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Crucial 32 GB Solid State Drive 2.5”: Reads Fast

14-Way SSD Hard Drive Roundup
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We had our first contact with the Crucial 32 GB Solid State Drive in late June, when we put some flash SSDs to the test on a notebook to compare the battery life of popular SSDs versus a conventional hard drive. This is a good example of a MLC-based flash drive that reaches excellent read throughput of up to 125 MB/s, but with write performance limited to less than 60 MB/s. Access times are very quick, too. For average desktop or notebook solutions this still seems like a good product.

However, this particular model doesn’t deliver the great power efficiency that many people associate with flash SSDs, leaving it a bad choice for mobile users. An average power requirement of 2.1 W when playing a low-bandwidth DVD stream is clearly too high. We found that some efficient mechanical hard drives deliver better efficiency under controlled performance requirements. The same applies to idle power, which doesn’t drop below 1.6 W, and the workstation-type I/O performance and efficiency of this drive wasn’t glorious either.

Crucial also has a 64 GB version, which seems to deliver less write throughput, according to the data sheet.

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  • 1 Hide
    Anonymous , 18 August 2008 18:44
    Well, nothing new here.
    A comparison of random write access time would have been very nice
    since this a major disadvantage of SSD (as far as I know).

    Some flash drives only reach 100ms access time!
  • 0 Hide
    Anonymous , 18 August 2008 20:58
    In addition to write access times, it would be interesting to know about the effects to Windows swap memory performance. When Windows goes and uses swap memory, performance is usually plunged, due to multiple simultaneous accesses. However, writing to swap file might be continuous access while reading it might be random. But how about if some other program is read-accessing hard drive while Windows is writing to swap file? I do not know about swap memory specs, so I do not really know. (This is where Tom's testers would step in. ;)  ) SSDs might greatly decrease hard drive crunching, but if it requires much random write access (and if it is much slower like nerd999/asdf999 claims), there might not be so much advantage.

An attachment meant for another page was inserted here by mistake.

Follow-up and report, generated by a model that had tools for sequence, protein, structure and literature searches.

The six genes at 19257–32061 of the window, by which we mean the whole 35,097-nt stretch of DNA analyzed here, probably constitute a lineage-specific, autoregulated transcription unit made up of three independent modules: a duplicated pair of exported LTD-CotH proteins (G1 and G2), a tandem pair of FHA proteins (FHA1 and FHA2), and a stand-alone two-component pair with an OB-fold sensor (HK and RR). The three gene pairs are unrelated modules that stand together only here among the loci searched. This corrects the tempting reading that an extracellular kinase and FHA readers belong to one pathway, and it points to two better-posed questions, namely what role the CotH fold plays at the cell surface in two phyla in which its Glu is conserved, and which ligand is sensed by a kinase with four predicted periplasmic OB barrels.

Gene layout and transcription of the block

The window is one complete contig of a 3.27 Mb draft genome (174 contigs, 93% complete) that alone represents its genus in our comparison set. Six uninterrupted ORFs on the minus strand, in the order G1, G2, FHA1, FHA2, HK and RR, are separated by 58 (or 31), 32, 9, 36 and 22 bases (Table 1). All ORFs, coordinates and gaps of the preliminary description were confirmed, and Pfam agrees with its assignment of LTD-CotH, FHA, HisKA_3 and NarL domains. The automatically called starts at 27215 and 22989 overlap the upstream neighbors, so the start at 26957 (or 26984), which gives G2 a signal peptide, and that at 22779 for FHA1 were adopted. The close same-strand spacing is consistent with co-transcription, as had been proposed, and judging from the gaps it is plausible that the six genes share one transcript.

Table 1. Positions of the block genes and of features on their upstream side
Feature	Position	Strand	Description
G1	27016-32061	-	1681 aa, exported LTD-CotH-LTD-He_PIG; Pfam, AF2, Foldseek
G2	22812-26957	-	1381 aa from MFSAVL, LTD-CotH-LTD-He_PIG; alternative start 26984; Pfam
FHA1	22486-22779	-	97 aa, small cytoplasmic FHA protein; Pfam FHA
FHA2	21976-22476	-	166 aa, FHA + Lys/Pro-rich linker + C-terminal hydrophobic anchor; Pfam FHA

And it raised another thought about the lifespan: how much writing Windows swapping really does generally and how much would profuse everyday swapping eat memory cells (e.g. when photoshopping large images)?
  • 0 Hide
    Anonymous , 19 August 2008 16:14
    My understanding of SSD implementation is not to use a swap file, as the access time is so much quicker it negates the need for one.

    I've installed XP on a number of drives and I always remove the swap file, and I've never seen any impact.

    Hope this helps
  • 0 Hide
    bobwya , 20 August 2008 14:38
    asdf999... A comparison of random write access time would have been very nicesince this a major disadvantage of SSD (as far as I know).Some flash drives only reach 100ms access time!


    +1 Yeh would like to see that. Killer SSD test!!

    Bob
  • 0 Hide
    Anonymous , 25 August 2008 17:51
    Hey, nice review, thanks. Can you offer the same endorsement for the 32GB version of these samsung/OCZ drives? And can you provide the model numbers as tested?
  • 0 Hide
    Anonymous , 27 August 2008 19:43
    How about tests where the OS is installed on the SSD, how much faster would the system feel as a result?
  • 0 Hide
    Anonymous , 31 August 2008 16:24
    Anonymous @ 19/08/2008, it seems you quite haven't grasped the concept of swap files. They are not for increasing performance (as in speed) or caching. They are used to extend system memory by moving memory contents temporarily to the hard drive. Using high-speed SSD does not negate need for swap file (using more system memory would), it makes swap file usage more viable one! Removing swap file should not impact system performance negatively, it would usually make system faster (because Windows tends to swap even much before you are low on system memory). But you can remove swap file only if you have enough memory available. When using large applications at the same time (e.g. the whole Adobe Creative Suite), swapping tends to become useful, even if you have 2 gigabytes of memory available. It is usually easier and faster to swap applications on the disk than to close all your work files and close the applications. But low access times would help situations when your hard drive is already in work and Windows starts swapping. Sometimes it may take minutes before your system is really usable again.

    Synchronos (anonymous @ 18/08/2008)